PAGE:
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How we prevent spine getting fused in AS?

By Anonymous September 14, 2010 - 8:37pm
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I hv been suffering from disease since childhood underwent total hip replacement surgery advice of how can i live normal life

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I have been able to dramatically lower my AS pain through diet. If I avoid starches, dairy and sugars (even fruit sugars) my pain lessens from a 10 to a 1 or 2. I learned about the diet on the support website for people with AS, www.kickas.org

Good luck.
Donette in Idaho

October 15, 2010 - 6:31pm
(reply to DGibson1348)

Hi D-

My name is Eve. I am 27 years old and have had AS for 4 years. I havent gone on the TNF drugs for I am hoping to wait until I am pregnant and deliver a baby. I have recently started an anti-starch diet for the past few months. I am not avoiding fruit sugars- do you find a huge difference in that?

January 20, 2012 - 1:11pm
(reply to DGibson1348)

Hi D

Thanks for sharing your experience. There are people with autoimmune disease who find dietary changes decrease symptoms-it happens sometimes with RA as well. I'm glad it helped you.

The good thing is it is so easy to try the diet approach and if it doesn't help, no harm done, but if it does, it's fantastic! Thank you for sharing your support board as well. Good luck to you.

October 16, 2010 - 7:01am

Hi Anonymous

Ankylosing spondylitis is an autoimmune disease. No one knows exactly what causes it, and there is no cure. There is no guaranteed way to prevent fusion of the spine. However, there are many treatments, and some of the new medications that are used for things like rheumatoid arthritis are used to treat AS. These do not cure, but they can slow progression of your AS. We have a good overview: https://www.empowher.com/condition/ankylosing-spondylitis/definition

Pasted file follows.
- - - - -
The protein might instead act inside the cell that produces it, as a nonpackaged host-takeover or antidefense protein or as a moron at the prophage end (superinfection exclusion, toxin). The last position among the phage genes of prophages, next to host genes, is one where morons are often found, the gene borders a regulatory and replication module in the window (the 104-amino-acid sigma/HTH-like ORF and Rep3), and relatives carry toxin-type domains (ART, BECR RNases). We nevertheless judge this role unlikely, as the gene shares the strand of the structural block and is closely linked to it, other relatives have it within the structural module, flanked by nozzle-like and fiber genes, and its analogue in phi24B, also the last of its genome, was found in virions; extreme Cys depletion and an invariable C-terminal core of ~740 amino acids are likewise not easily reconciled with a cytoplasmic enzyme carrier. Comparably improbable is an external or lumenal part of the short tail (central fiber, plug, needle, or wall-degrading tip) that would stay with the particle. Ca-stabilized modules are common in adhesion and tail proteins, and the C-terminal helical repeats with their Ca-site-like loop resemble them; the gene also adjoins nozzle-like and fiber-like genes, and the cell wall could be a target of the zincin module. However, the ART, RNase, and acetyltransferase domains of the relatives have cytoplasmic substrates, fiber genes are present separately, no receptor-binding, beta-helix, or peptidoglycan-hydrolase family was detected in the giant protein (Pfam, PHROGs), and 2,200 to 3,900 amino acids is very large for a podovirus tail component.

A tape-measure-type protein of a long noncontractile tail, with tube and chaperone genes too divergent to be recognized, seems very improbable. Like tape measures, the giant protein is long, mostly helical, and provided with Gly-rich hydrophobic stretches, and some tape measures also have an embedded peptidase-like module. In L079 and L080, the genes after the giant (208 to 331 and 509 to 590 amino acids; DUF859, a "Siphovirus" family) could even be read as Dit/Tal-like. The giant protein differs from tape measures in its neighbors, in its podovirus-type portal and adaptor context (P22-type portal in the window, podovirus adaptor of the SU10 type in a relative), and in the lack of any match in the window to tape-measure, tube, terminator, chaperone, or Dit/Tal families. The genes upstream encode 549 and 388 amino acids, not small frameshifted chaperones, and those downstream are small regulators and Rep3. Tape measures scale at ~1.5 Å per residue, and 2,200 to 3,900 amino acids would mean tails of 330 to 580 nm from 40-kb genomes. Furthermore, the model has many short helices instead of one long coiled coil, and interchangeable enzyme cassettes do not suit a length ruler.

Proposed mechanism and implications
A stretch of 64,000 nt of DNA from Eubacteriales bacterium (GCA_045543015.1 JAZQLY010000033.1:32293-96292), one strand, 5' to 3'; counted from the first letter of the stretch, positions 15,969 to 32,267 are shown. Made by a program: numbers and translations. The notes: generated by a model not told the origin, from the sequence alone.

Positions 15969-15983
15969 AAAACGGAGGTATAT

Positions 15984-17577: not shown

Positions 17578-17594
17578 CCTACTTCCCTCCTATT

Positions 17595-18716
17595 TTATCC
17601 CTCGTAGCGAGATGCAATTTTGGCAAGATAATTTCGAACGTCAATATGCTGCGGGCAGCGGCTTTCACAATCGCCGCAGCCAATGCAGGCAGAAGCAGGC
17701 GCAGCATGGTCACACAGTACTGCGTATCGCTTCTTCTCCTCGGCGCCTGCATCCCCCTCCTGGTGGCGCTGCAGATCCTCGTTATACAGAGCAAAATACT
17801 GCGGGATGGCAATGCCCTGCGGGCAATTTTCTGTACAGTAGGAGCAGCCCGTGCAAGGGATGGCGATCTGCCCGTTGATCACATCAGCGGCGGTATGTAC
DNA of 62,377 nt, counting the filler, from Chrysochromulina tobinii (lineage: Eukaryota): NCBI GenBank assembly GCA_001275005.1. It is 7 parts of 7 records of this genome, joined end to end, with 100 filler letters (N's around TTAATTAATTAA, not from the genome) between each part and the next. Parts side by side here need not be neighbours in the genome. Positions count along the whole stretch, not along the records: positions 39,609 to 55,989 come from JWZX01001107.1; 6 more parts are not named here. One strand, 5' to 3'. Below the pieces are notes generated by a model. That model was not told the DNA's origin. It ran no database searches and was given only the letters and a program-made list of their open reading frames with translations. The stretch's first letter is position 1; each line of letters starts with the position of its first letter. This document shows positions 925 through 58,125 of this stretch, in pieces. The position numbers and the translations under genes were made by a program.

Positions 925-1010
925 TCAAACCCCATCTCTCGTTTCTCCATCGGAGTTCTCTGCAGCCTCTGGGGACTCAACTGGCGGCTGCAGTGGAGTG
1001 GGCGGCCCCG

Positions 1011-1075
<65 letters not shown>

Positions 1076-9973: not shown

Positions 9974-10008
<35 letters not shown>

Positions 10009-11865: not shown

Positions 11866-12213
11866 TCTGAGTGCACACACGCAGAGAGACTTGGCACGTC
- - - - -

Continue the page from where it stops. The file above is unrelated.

Do you see a rheumatologist? That is the specialty that manages AS. It is important to have an ongoing relationship with a rheumatologist to help prevent complications. AS can affect other parts of your body as well, and a rheumatologist knows what to watch for.

Physical activity is important as well. An exercise program customized to your AS situation will help you maintain good posture which is so important as AS often causes painful kyphosis, or the hunching forward of your spine.

The Spondylitis Association of America has some really good information on treatment as well as support for those with spondylitis. They are a great resource: http://www.spondylitis.org/about/as_treat.aspx,

Treatment of AS has come a long way in the last few years. A good rheumatologist and physical therapy program can help you minimize pain and maximize function. If you have further questions, please let me know. Thank you for writing.

September 15, 2010 - 6:33am
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